Review: The Casualties by Nick Holdstock

Throughout the course of my life I have read a TON of books. From philosophy to science fiction, theology to horror, and just about everything in between. Because enjoyment of a book is entirely subjective, I will never tell you to not read a book, we all have different tastes and that is what makes us so beautiful. There are some books that you read once and will never touch again, and there are some books that you read once and want to go back to put the pieces together in a different perspective later. I personally believe that The Casualties by Nick Holdstock is definitely the latter with exceptions.

The Casualties is in my opinion, an average book, but also one that breaks the mold a bit and that can go both positively and negatively. When I first started reading, I did not stop. I made it through almost three quarters of the way in a matter of days and my interest began to wane. Not because of the story itself, or the development of the characters, it was really my personal taste. The narrative itself is non-linear. You will find yourself bouncing from one character or characters to the next quite frequently and if that is not your cup of tea, then I would not advise this as a good read for you. I was under the impression when I first received this book, that it was an apocalyptic tale. To be perfectly honest, that is the reason I chose to read and review it in the first place. It is certainly not an apocalyptic tale, and if that is what you are expecting it to be, you will likely be disappointed.

The book itself focuses on a small group of somewhat eccentric people, in an incredibly small town. What makes this book so beautiful, and also flawed in my opinion, are the characters. When I first started reading I was incredibly interested in each one as they developed and learned more about them. They are not perfect people, far from it, and many show traits that real people deal with everyday. As the story progressed I felt as if the characters themselves did not. Some changed, or evolved, so to speak, but I almost felt like  as the story went on, it became almost monotonous. A good example of this would be Sam and the pictures that he collects. I love the fact that there are actually illustrations in this book, and this is somewhat new to me. However, the same picture was used a few different times, for what appeared to be separate events.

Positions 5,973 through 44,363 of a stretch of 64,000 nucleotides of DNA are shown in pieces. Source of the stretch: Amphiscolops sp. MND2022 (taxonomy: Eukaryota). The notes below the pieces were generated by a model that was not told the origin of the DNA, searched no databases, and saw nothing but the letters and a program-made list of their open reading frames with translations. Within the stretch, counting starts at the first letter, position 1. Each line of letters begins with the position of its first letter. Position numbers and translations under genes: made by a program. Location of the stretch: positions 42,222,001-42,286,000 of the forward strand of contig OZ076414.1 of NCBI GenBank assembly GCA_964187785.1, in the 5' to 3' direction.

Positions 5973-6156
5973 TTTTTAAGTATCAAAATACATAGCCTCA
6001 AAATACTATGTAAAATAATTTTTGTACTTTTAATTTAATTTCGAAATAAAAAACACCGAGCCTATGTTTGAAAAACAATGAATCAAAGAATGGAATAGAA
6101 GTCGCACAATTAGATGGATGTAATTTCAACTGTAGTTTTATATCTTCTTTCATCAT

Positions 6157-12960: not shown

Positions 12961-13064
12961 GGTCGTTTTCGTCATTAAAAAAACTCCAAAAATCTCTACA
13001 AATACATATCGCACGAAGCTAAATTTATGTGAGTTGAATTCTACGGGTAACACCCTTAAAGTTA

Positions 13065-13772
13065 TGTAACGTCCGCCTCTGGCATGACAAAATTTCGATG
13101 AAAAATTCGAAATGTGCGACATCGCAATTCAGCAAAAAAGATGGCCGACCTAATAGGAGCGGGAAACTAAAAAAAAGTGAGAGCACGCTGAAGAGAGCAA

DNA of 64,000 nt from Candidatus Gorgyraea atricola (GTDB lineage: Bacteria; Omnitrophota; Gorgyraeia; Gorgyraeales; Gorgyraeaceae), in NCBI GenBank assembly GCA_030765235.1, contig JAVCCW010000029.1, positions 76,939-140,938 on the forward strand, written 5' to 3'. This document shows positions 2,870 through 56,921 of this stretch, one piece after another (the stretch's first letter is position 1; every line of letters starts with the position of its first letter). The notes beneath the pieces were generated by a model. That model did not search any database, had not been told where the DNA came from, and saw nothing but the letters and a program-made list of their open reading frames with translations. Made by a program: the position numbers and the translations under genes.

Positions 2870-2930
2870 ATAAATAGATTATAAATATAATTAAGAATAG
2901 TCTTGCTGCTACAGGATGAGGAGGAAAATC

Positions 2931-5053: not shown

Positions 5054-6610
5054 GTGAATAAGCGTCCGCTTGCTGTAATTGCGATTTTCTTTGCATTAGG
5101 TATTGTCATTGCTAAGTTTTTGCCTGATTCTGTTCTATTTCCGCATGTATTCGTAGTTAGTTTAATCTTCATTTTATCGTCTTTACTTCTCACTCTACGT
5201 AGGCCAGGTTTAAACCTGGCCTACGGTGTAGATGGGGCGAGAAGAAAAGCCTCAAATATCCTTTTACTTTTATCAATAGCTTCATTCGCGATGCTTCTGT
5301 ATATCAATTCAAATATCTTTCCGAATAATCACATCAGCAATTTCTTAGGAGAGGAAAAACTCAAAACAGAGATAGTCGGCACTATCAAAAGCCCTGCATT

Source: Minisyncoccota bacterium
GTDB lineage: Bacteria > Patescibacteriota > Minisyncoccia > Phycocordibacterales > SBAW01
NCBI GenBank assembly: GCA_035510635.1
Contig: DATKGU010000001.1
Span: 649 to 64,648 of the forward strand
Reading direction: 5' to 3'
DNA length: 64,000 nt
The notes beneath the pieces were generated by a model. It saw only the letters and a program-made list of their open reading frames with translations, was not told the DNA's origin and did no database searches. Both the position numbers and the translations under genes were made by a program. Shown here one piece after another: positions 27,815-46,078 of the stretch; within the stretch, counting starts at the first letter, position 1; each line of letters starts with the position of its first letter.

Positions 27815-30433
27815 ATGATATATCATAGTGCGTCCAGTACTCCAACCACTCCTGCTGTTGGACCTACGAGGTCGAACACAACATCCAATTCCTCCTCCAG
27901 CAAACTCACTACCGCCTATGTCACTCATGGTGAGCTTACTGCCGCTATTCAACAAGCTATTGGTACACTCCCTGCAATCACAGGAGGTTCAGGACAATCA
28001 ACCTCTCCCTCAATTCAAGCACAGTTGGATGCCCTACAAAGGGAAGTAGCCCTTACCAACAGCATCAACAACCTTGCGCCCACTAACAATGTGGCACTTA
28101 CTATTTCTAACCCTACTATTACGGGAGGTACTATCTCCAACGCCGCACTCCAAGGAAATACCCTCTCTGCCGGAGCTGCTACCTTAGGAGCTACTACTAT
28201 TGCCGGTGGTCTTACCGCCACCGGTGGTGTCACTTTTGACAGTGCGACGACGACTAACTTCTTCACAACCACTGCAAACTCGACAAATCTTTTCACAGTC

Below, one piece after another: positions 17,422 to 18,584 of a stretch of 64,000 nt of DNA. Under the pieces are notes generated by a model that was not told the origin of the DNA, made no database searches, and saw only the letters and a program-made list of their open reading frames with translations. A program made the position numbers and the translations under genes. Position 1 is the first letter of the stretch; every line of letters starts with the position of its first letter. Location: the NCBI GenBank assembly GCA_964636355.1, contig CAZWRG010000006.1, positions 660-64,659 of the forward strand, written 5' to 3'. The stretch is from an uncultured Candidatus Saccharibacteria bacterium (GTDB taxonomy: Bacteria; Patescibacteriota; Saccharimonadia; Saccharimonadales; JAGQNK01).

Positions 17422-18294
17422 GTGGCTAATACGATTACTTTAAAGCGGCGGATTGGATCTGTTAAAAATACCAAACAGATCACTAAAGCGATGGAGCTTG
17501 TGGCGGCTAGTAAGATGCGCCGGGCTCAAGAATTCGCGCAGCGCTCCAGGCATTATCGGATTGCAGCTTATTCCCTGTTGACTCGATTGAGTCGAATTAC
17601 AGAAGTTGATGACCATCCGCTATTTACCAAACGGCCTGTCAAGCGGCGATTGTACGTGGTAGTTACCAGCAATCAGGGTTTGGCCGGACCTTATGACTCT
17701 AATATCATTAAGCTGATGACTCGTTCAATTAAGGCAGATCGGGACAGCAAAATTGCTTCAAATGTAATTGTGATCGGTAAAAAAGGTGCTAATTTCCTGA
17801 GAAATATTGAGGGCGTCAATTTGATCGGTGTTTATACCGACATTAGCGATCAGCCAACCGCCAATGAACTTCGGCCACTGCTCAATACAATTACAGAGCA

I found myself less interested in the characters themselves, and longing to know what was actually happening in the world around them. They almost seemed oblivious to the world outside of their little own realities, and I would think a world changing event, would call for much more thought, even from people that are unique and accustomed to life in their own little town. Perhaps the author chose to write it this way to show how involved we are in our own personal wins and losses, even when the world is burning around us. I personally find myself thinking about events far outside of my own existence so this may be why I became less attracted to the read and less attached to the characters as a whole.  In my opinion, most of them were almost complete sociopaths. The ending itself was OK, and I believe that the author intended all of the characters to converge in one event, but it was an event that was not nearly as climactic as I was expecting.

The Casualties is a book that I will definitely read again, perhaps slower paced and stop to reflect on the passages themselves but if it is an exciting, apocalyptic story you are looking for, I advise looking elsewhere. I think that the story provides a fine account of human nature and selfishness in general, but it also takes it to a degree that I feel is almost unrealistic. The odds of that many people that exhibit these tendencies in one town is unrealistic to me. I would advise checking it out, but going into the read knowing you will not read a lot about the world outside of these character.